These are the data types available in the OpenCL C programming language. Click on a category name in the table below to see information about specific data types.
|Data type category||
Included data types
bool, char, cl_char,
unsigned char, uchar, cl_uchar,
short, cl_short, unsigned short,
ushort, int, unsigned int,
uint, long, unsigned long,
ulong, float, half, size_t,
ptrdiff_t, intptr_t, uintptr_t,
void, double, and half floating point types.
floatn, doublen, and optional halfn types.
cl_kernel, cl_event, and
complex half, complex halfn,
imaginary half, imaginary halfn,
complex float, complex floatn,
imaginary float, imaginary floatn,
complex double, complex doublen,
imaginary double, imaginary doublen,
complex quad, complex quadn,
imaginary quad, imaginary quadn,
long double, long doublen,
long long, long longn,
unsigned long long, ulong long, and
image2d_t, image3d_t, image2d_array_t,
image1d_t, image31_buffer_t, image1d_array_t,
sampler_t, and event_t.
ALIGNMENT OF TYPES
A data item declared to be a data type in memory is always aligned to the size of the data type in bytes. For example, a float4 variable will be aligned to a 16-byte boundary, and a char2 variable will be aligned to a 2-byte boundary.
For 3-component vector data types, the size of the data type is 4 * sizeof(component). This means that a 3-component vector data type will be aligned to a 4 * sizeof(component) boundary. The vloadn(3clc) and vstoren(3clc) built-in functions can be used to read and write, respectively, 3-component vector data types from an array of packed scalar data type.
A built-in data type that is not a power of two bytes in size must be aligned to the next larger power of two. This rule applies to built-in types only, not structs or unions.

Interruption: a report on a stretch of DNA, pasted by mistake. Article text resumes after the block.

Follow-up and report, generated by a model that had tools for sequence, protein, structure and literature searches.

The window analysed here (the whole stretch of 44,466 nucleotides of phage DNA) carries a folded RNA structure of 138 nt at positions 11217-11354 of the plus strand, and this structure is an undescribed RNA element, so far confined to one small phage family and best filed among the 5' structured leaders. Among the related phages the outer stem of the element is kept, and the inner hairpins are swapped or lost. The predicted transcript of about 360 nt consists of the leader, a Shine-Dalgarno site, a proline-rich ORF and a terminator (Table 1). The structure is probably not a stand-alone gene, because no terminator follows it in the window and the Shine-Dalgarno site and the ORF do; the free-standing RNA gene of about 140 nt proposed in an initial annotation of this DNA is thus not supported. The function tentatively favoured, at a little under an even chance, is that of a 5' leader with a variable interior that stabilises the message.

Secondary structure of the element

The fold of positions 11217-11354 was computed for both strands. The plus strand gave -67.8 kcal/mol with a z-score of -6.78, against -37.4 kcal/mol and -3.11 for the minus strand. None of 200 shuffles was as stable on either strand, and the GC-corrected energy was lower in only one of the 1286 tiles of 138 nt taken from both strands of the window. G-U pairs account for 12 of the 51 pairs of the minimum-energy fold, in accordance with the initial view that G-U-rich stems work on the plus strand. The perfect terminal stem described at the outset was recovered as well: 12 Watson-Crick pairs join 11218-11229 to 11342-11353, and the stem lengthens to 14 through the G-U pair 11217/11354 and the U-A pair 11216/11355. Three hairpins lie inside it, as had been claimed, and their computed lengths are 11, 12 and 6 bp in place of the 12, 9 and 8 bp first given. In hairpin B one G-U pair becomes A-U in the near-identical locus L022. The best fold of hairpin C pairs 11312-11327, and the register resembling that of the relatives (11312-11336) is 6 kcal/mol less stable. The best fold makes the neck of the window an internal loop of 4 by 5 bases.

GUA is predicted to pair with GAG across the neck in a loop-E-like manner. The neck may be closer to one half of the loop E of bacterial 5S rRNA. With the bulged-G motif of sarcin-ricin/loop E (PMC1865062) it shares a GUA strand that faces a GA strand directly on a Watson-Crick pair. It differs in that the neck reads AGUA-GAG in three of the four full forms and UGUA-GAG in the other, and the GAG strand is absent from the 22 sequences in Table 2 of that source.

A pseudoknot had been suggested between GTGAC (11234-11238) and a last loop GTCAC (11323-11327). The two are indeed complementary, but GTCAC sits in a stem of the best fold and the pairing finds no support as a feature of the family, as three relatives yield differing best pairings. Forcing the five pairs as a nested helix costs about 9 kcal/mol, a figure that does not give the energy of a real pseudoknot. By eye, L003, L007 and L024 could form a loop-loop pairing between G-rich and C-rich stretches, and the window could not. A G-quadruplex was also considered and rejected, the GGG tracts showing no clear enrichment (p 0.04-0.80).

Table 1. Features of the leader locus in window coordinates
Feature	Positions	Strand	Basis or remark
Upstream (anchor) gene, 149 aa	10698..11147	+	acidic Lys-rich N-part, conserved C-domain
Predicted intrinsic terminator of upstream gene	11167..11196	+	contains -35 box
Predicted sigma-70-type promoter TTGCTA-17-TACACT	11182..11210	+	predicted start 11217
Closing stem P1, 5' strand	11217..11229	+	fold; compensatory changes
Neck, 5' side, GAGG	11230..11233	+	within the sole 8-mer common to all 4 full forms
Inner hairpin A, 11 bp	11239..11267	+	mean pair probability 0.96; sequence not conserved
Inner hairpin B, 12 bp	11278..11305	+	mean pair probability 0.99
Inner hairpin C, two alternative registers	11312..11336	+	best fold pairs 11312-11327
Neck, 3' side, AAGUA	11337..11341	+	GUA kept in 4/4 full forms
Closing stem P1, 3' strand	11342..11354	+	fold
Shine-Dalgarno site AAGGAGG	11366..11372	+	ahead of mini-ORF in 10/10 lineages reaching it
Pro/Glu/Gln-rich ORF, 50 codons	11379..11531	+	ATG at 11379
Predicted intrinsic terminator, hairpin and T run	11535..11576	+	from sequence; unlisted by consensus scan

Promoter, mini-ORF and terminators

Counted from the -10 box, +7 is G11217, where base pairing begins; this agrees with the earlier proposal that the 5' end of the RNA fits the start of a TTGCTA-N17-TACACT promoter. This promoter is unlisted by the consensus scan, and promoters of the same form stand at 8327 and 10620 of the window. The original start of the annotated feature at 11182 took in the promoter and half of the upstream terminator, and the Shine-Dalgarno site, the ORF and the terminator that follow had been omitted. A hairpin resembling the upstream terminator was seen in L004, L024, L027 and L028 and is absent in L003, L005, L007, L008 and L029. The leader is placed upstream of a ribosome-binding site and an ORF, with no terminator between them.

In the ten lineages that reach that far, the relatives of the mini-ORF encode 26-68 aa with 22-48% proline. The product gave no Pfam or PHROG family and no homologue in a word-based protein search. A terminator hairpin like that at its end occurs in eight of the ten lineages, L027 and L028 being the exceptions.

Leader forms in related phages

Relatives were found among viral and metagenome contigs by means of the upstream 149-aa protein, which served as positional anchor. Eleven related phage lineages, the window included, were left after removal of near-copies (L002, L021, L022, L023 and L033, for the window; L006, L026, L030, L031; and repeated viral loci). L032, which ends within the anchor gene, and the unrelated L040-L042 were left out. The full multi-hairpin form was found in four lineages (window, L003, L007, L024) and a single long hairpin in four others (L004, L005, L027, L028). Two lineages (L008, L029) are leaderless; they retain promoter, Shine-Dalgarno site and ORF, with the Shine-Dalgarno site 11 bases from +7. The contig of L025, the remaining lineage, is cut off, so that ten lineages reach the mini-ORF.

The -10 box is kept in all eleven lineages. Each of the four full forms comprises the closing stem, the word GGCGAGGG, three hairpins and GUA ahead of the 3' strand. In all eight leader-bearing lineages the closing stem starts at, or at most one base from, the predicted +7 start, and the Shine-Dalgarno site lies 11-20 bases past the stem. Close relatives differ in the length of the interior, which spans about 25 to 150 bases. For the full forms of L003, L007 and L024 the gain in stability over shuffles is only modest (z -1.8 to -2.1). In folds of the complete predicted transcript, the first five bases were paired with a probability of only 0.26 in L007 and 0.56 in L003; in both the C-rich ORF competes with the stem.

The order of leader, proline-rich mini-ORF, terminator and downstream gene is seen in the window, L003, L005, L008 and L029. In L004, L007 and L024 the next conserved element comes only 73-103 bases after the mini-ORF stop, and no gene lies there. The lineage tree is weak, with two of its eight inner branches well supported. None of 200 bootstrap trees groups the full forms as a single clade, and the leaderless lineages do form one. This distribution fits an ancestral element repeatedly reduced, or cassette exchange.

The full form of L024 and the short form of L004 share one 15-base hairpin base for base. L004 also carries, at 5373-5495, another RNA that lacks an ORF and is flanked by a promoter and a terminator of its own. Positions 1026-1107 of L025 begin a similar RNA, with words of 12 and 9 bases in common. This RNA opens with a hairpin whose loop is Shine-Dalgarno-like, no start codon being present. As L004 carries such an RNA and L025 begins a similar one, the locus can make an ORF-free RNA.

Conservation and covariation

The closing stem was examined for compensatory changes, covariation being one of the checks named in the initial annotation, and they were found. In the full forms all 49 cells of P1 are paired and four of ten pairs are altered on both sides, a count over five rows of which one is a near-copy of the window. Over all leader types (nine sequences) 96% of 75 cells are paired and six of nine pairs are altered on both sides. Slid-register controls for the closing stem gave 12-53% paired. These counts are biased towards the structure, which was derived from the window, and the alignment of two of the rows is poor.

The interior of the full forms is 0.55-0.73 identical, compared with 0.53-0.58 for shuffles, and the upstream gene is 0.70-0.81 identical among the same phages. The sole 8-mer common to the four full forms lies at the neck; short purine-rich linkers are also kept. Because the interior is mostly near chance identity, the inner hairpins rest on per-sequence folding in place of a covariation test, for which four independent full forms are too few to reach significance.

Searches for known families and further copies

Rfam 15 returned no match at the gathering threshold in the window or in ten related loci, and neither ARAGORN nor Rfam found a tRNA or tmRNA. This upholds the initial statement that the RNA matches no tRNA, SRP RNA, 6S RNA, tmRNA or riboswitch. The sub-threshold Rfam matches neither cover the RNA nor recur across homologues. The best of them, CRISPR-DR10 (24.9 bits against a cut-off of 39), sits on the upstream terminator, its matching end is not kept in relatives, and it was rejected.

The OpenCL compiler is responsible for aligning data items to the appropriate alignment as required by the data type. For arguments to a functionQualifiers(3clc) function declared to be a pointer to a data type, the OpenCL compiler can assume that the pointee is always appropriately aligned as required by the data type. The behavior of an unaligned load or store is undefined, except for the vloadn(3clc), vload_halfn(3clc), vstoren(3clc), and vstore_halfn(3clc) functions. The vector load functions can read a vector from an address aligned to the element type of the vector. The vector store functions can write a vector to an address aligned to the element type of the vector.
The user is responsible for ensuring that data passed into and out of OpenCL buffers are natively aligned relative to the start of the buffer as described above. This implies that OpenCL buffers created with CL_MEM_USE_HOST_PTR need to provide an appropriately aligned host memory pointer that is aligned to the data types used to access these buffers in a kernel(s). As well, the user is responsible to ensure that data passed into and out of OpenCL images are properly aligned to the granularity of the data representing a single pixel (e.g. image_num_channels * sizeof(image_channel_data_type)) except for CL_RGB and CL_RGBx images where the data must be aligned to the granularity of a single channel in a pixel (i.e. sizeof(image_channel_data_type)).
OpenCL makes no requirement about the alignment of OpenCL application defined data types outside of buffers and images, except that the underlying vector primitives (e.g. __cl_float4) where defined shall be directly accessible as such using appropriate named fields in the cl_type union. Nevertheless, it is recommended that the cl_platform.h header should attempt to naturally align OpenCL defined application data types (e.g. cl_float4) according to their type.
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- page 195, section 6.1.1 - Built-in Scalar Data Types